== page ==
During the Autumn and Winter months it is easy for us to become deficient in vitamin D, this is because we make most of our vitamin D when sunlight hits the skin. It is recommended by Public Health England (2016) that we take a vitamin D supplement September to February of 10 micrograms/ day. A study published in 2010 in Nature Immunology by von Essen, Kongsbak, Schjerling, et al. indicated that vitamin D was involved in the activation of T-cells of the immune system and therefore primed these immune cells to fight infections. There is limited research in this area, so more is required to support these findings, however vitamin D is important for other bodily functions including absorption of calcium, so deficiency overall is not a healthy state.
Best source of vitamin D is via sunlight, but apart from supplementation, good dietary sources include, fish, cheese, eggs, fortified cereals, margarine and soya milk.
Other vitamins and minerals
There is some evidence to suggest a deficiency in some nutrients can impair our immune response; minerals such as zinc, selenium, iron, copper and folic acid as well as vitamins A, B6, C and E. Zinc for example has a role in expression and immune cell development, as well as being an antioxidant helping in repair cells after oxidisation (Shankar and Prasad, 1998). Vitamin C helps with healing as well as increasing iron absorption which is require for oxygen transportation.
Carbohydrates such as fruit and vegetables, and wholegrains are important for their energy giving attributes and when you are recovering from illness, it’s necessary to consume these macronutrients to provide energy for the body to repair and re-build. Consuming wholegrains is beneficial to the body as they also add fibre to the diet, which help promote a healthy gut. But fibre is also a nutrient for our gut bacteria in the form of prebiotics. Our gut bacteria play a role in our immune system and there is more evidence to suggest that probiotics (healthy gut bacteria) stimulate the immune system and various signalling molecules. They also help with suppressing pathogenic bacteria in the gut so potentially reducing risk if gastric illness (Maldonado Galdeano et al., 2019). Whilst this emerging research is interesting, more is needed to investigate the role of probiotics in supporting the immune system.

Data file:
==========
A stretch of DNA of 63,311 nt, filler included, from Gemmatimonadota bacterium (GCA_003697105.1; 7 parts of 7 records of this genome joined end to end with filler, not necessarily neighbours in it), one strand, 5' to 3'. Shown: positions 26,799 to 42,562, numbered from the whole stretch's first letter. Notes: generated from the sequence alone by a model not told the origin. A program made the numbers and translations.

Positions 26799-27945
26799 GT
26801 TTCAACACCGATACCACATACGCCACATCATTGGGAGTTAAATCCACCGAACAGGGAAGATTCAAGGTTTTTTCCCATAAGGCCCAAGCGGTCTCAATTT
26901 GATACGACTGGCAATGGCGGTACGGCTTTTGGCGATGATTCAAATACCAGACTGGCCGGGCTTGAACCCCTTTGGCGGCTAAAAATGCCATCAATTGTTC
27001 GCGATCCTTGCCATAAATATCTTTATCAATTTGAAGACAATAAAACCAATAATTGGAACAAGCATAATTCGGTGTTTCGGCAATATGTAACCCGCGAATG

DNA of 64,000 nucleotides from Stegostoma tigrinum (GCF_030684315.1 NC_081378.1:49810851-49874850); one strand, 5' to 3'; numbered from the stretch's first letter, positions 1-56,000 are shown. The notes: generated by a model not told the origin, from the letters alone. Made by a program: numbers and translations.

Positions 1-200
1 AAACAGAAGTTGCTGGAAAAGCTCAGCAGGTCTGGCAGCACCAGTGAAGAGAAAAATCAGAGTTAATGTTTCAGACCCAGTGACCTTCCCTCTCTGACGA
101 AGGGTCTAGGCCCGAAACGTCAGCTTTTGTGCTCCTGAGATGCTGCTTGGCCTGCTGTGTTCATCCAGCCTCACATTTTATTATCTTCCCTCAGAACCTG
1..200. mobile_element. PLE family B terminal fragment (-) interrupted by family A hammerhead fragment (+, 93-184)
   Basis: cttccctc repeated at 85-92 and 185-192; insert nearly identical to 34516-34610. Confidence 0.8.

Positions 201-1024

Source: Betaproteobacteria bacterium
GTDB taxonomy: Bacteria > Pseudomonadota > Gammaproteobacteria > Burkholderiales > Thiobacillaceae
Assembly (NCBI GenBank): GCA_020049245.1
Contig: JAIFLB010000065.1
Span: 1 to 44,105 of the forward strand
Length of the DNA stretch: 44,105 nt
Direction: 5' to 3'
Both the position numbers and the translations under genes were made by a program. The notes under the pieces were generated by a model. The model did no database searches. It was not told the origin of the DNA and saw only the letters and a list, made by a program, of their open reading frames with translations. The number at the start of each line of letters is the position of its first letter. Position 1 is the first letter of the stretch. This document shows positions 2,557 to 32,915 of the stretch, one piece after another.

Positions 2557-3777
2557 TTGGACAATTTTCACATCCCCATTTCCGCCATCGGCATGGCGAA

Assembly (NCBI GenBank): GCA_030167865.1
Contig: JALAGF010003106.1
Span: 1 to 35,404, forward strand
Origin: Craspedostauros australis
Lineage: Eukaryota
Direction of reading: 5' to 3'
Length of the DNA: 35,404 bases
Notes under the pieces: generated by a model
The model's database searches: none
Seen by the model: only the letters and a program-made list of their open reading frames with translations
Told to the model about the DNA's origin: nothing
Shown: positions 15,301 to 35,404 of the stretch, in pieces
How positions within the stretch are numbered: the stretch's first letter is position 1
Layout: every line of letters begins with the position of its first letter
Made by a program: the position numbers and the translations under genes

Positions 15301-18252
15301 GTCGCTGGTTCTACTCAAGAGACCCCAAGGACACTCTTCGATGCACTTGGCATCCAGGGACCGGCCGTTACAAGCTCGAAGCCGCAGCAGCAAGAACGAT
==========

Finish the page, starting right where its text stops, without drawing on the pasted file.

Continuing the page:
The immune system is complex and amazing, but we should make sure we consume a healthy well balanced diet to support its function. There is some evidence to suggest certain nutrients may play a role in enhancing or supporting its function, but more research is needed. During the so called flu season of the Autumn and Winter months we can follow the advice of the NHS to try to reduce our risk of catching any infections and spreading them if we do.
Dear, R. R., Volpi, E (2018). Protein Requirements in Critically Ill Older Adults. Nutrients. 2018 Mar; 10(3): 378. doi: 10.3390/nu10030378
von Essen, M. R., Kongsbak, M., Schjerling, P., Olgaard, K., Ødum, N., Geisle, C. (2010) Vitamin D controls T cell antigen receptor signaling and activation of human T cells. Nature Immunology. 1, 344–349 (2010). https://doi.org/10.1038/ni.1851
Maldonado Galdeano C, Cazorla S. I., Lemme Dumit J. M., Vélez E, Perdigón G. (2019). Beneficial Effects of Probiotic Consumption on the Immune System. Ann Nutr Metab. 2019;74(2):115-124. doi: 10.1159/000496426
NHS (2019, July 12). Facts about Flu and the Flu Vaccine. Accessed online 07 February 20 at: https://www.nhs.uk/live-well/healthy-body/facts-about-flu-and-the-flu-vaccine/
NHS (2019, August 06). Flu. Accessed online 07 February 20 at: https://www.nhs.uk/conditions/flu/
Oxford Vaccine Group (2019, November, 22). Influenza (flu). Vaccine Knowledge Project, University of Oxford. Accessed online 07 February 20 at: https://vk.ovg.ox.ac.uk/vk/influenza-flu
Public Health England (2016) PHE publishes new advice on vitamin D. Accessed online 07 February 20 at: https://www.gov.uk/government/news/phe-publishes-new-advice-on-vitamin-d
Shankar, A. H., Prasad, A. S., (1998). Zinc and immune function: the biological basis of altered resistance to infection. Am J Clin Nutr. 68(suppl):447S–63S.
The Open University (2014). Infectious disease and public health SK320. Milton Keynes
The Open University (2006). Human Biology SK277. Immunology: defending life. Milton Keynes.